Post # 1
We’re a year out and our Guest List was originally 120 people and has slowly crept up to 135 people. Out limit was 125 (meaning, if all people we invited attended, this was all we could afford to cover).
*Please note, Fiance and I are paying for the entire thing ourselves.
My mom informed me of an additional family of four who expects that they are invited, but are not.
We’ve looked the list over and have identified two parties of two (one from each of our lists) who we could eliminate. We don’t WANT to, but we could, if we absolutely had to.
I am having a hard time justifying removing people from our list that we’d LIKE to have there for people who we are “obligated” to invite. We thought this would be easier since we are paying, but we’re still finding instances where the family wants to “keep the peace” and have us invite certain people anyway.
Asking my mom to cover the plates of certain people is not an option, because I can’t be sure she will come through with the money. My mom said she wanted to buy my dress and so far, I’ve had to pay for the whole thing myself.
So, my question is: Did you regret removing certain people from the list? I have this nightmare that all 135 people will show up WITH extra people and we won’t be able to afford it.
Post # 3
just add them to the b list.. if people respond and say no they are coming send that familys invite… we did that. we had 25 no’s so far and sent out 5 more invites// our max list is 220. our guest list total is 230..(with vendors and my fiance and me and our children included)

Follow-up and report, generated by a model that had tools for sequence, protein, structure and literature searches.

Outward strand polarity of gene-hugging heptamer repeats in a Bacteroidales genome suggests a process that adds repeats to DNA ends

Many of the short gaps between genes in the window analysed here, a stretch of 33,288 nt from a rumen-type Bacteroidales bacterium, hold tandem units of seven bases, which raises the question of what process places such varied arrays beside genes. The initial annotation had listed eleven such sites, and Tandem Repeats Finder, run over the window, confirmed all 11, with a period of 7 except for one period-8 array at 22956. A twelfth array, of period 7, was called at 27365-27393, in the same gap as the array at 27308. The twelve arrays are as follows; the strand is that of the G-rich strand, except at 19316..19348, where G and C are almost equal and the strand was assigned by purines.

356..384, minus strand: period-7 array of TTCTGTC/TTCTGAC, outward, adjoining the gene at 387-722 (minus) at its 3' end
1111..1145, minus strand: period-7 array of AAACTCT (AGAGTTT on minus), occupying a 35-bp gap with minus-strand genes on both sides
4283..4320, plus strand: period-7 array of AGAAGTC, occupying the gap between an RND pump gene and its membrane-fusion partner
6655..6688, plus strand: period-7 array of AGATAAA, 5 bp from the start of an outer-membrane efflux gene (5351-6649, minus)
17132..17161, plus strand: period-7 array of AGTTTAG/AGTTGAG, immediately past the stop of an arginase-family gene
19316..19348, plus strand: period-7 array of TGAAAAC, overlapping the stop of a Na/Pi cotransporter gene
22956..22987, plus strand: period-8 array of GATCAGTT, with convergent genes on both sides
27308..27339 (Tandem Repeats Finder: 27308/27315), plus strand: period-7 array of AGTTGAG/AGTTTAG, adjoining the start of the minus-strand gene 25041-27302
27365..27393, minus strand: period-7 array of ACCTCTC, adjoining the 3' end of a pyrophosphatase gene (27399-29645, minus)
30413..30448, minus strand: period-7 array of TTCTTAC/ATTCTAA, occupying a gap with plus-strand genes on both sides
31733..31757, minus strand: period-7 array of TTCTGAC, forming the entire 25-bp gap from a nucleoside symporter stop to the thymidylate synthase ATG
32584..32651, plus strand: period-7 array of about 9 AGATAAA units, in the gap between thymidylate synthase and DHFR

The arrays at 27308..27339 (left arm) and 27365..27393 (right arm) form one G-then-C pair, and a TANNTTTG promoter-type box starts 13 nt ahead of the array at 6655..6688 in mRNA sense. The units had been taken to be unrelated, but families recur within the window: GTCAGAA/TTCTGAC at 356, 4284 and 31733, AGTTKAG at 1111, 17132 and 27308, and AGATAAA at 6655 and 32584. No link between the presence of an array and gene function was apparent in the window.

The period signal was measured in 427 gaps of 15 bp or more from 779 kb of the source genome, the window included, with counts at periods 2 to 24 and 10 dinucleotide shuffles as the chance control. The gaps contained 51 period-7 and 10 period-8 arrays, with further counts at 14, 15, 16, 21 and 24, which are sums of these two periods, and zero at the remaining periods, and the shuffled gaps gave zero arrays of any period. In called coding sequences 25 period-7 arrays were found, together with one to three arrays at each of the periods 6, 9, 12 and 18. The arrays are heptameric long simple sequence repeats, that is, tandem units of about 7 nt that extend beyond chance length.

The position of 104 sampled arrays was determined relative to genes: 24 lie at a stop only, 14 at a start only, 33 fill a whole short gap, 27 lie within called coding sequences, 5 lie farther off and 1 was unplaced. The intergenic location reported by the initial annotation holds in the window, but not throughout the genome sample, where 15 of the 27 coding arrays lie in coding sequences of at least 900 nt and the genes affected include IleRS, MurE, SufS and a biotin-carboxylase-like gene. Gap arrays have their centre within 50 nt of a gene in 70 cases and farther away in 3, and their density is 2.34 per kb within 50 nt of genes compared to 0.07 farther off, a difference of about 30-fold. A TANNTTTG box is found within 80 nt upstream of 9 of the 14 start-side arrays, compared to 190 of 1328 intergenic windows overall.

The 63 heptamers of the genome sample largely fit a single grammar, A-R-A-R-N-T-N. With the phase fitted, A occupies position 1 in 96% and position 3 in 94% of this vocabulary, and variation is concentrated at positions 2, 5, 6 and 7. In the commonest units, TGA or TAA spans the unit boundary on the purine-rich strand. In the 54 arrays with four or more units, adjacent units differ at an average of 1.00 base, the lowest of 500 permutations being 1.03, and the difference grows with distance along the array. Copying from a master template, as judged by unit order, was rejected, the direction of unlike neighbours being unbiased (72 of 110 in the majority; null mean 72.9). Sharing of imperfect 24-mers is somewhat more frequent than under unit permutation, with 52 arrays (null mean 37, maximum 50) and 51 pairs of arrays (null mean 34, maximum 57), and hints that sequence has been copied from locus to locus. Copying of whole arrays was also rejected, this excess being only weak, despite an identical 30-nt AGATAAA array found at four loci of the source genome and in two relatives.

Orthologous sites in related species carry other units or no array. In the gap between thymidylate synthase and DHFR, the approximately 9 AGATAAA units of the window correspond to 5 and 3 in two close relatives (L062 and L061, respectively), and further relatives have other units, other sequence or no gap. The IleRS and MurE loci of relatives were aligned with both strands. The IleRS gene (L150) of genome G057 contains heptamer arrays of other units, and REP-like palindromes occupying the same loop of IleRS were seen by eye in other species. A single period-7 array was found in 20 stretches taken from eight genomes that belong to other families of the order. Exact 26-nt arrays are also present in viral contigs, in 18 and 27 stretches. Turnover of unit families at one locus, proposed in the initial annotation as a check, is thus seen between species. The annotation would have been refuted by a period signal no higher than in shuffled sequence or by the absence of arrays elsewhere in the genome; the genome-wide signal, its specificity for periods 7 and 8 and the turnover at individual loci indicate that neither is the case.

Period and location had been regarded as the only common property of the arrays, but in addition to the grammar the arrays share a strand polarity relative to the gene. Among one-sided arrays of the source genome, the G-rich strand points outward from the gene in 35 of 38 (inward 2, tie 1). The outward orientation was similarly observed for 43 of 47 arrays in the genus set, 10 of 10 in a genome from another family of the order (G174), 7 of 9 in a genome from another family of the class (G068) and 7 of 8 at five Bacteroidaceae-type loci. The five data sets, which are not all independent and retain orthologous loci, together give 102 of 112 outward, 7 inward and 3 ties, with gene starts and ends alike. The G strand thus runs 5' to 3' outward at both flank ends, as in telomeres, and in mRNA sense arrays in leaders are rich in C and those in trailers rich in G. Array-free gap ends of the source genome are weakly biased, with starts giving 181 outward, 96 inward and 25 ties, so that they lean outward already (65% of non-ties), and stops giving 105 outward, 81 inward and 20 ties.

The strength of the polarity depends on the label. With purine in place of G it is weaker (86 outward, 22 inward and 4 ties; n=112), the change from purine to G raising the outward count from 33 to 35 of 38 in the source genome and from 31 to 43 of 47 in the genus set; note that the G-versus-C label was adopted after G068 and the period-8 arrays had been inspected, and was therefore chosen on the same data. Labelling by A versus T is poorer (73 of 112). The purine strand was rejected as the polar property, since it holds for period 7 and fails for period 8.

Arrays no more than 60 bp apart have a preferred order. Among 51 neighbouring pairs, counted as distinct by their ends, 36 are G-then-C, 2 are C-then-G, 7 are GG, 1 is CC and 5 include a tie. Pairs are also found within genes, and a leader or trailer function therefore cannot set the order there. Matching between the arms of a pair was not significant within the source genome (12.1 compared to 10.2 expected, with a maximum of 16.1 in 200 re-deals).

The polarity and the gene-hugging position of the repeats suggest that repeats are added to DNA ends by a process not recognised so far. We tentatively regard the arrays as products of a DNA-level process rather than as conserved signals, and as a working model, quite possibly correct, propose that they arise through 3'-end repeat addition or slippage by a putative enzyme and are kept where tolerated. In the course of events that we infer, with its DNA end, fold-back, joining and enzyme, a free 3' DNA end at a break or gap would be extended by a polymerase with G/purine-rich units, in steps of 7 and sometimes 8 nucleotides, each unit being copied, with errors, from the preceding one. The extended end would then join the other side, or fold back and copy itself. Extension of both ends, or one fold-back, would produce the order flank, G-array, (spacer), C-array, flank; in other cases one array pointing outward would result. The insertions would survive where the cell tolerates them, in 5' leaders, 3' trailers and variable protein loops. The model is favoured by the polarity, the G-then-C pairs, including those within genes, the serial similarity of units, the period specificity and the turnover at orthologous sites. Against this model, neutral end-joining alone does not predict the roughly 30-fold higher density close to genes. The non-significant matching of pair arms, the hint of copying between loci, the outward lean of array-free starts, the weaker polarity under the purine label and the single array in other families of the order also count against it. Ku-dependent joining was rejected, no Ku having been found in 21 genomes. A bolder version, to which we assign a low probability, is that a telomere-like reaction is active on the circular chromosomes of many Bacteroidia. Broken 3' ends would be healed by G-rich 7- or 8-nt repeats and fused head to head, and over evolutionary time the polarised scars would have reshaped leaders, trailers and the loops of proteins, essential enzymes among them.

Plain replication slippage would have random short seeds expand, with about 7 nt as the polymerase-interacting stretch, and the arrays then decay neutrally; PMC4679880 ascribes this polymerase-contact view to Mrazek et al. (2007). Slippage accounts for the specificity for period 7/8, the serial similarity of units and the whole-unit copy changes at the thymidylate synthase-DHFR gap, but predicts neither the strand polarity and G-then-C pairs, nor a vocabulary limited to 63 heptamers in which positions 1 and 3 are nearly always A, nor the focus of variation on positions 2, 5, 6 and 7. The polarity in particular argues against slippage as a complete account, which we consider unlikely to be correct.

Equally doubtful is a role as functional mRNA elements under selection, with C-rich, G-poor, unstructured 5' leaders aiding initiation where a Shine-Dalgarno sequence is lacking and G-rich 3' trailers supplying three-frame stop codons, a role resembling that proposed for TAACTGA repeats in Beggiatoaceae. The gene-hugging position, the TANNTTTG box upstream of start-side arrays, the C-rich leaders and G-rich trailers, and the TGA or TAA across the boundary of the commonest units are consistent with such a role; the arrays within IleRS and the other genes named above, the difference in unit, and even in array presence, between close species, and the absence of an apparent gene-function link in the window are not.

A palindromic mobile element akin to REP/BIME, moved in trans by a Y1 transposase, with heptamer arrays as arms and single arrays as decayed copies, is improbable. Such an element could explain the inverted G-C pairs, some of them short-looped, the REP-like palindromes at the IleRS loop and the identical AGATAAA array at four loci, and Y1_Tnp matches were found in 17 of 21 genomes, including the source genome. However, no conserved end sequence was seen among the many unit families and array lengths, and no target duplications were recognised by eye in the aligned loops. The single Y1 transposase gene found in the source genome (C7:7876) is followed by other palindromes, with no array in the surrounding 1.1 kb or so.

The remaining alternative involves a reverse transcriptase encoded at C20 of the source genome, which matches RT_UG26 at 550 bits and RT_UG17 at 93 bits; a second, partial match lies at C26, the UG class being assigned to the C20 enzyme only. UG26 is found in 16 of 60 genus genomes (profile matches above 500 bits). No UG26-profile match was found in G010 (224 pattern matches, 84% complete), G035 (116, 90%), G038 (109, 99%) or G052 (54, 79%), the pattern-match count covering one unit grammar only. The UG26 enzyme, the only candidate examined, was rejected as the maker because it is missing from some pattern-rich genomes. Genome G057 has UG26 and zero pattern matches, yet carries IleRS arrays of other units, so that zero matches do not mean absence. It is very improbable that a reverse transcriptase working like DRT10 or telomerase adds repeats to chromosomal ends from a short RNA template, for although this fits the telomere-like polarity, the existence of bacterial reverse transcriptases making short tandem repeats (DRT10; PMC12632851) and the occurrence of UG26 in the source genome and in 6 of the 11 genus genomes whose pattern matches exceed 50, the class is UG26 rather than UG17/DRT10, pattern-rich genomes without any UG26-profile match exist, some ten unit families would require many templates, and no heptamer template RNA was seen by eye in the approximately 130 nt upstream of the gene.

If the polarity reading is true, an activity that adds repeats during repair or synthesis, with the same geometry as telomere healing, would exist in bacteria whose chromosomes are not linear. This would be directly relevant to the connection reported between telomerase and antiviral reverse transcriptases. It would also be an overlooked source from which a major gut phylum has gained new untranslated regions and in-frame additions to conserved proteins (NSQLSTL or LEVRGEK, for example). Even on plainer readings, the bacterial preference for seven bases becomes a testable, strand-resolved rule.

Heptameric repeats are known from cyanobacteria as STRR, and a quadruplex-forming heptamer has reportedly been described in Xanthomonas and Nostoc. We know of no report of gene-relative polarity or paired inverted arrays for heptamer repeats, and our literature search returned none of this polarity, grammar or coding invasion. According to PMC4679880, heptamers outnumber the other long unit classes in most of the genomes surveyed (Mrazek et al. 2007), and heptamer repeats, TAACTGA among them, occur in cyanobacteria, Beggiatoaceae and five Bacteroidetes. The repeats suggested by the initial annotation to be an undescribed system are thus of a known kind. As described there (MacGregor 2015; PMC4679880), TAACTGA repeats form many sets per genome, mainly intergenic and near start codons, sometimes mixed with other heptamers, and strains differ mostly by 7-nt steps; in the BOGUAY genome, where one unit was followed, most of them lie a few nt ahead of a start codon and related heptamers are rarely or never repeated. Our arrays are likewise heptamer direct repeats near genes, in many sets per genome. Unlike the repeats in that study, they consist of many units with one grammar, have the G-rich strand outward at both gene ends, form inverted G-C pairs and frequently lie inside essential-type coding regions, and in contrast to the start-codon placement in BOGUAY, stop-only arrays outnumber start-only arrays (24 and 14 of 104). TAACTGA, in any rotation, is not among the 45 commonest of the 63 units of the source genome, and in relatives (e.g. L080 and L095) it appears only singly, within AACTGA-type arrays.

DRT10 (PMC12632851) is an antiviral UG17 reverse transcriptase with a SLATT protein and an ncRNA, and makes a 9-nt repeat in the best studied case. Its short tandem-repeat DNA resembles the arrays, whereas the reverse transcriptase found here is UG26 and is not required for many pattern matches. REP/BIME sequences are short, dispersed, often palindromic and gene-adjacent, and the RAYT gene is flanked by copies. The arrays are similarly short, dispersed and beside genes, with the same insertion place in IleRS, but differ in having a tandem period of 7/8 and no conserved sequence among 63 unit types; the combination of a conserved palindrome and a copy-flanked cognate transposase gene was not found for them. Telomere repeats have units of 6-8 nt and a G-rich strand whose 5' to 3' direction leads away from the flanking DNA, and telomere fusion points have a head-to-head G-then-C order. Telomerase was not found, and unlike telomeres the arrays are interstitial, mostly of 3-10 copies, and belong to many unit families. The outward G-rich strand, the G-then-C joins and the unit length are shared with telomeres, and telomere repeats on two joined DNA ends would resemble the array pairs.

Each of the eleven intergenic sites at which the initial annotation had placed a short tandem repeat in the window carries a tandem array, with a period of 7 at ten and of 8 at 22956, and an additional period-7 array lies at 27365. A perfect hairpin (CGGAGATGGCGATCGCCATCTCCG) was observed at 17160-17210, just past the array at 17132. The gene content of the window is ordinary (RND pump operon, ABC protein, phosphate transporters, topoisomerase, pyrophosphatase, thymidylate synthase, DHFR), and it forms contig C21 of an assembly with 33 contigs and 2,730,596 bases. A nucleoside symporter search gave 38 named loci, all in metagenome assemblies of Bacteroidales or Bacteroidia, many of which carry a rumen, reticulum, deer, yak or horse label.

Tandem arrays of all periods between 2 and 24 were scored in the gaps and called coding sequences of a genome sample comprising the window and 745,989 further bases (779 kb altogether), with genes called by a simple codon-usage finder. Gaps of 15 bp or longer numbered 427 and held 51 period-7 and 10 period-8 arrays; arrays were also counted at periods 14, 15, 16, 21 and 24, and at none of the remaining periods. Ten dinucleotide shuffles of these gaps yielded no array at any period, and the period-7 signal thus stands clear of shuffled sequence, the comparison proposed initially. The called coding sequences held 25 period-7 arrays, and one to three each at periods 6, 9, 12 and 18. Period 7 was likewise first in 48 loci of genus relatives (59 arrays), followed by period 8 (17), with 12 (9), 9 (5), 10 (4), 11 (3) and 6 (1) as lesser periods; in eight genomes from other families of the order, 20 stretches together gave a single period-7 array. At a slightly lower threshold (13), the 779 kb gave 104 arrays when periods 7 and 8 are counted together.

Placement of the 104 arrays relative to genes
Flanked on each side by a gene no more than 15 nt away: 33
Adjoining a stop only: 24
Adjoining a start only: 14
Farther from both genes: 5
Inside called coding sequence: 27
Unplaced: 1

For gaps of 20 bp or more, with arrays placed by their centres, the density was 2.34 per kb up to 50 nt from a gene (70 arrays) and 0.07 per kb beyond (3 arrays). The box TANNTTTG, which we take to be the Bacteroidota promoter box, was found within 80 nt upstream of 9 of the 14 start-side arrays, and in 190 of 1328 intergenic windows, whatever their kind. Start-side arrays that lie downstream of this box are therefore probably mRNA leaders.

Post # 4
I agree, if you sort into a “B” list, and send out your “A” list invites early, you can start to invite those “B” list guests as declines come in!
Post # 5
I hate a/b listing where one sends out two rounds of invites personally. Are you planning to do save the dates though? You can always send those out to the people you know way ahead that you have to invite and then verbally get a feel for how many people are even interested in coming. We have a lot of out of town guests and the std round resulted in a lot of our cousins responding that they wouldn’t be attending.
Overall we invited 146 people including +1s, and guests whod already indicated they couldnt come and ended up with 82 people at our wedding.
Post # 6
@pengoala: I agree. This is probably the easiest way to send out invites without worrying you may have too many people.
Post # 7
@SapphireSun: I was actually thinking of NOT sending out any Save the Dates at all, in the hoeps that people I’m not in constant contact with wouldn’t be able to come when regular invites go out.
Post # 8
@csteen85: that works too. For us save the dates only went to the people we REALLY wanted to save the date and out of town guests that we wanted to get a feel for if they were at all interested We didn’t send them to people who were on our guest list that could potentially experience an evolving relationship, that we might feel differently about inviting 6 months down the road.
Post # 9
While A/B lists sound like a good idea, I’m not sure they would always work. The vast majority of people who declined our invitation sent their RSVP cards in the very last week. Prior to that, we had over a 90% acceptance rate. Had we wanted to send invites to a B list it would have been too late, since our “B” guests would see that the respond by date was in 1-2 days (or had passed) and would know they were last minute invites. If you really want to do this, maybe you can print out two sets of reply cards just in case. If your A list must respond by April 15, your B list could respond by May 5 or something.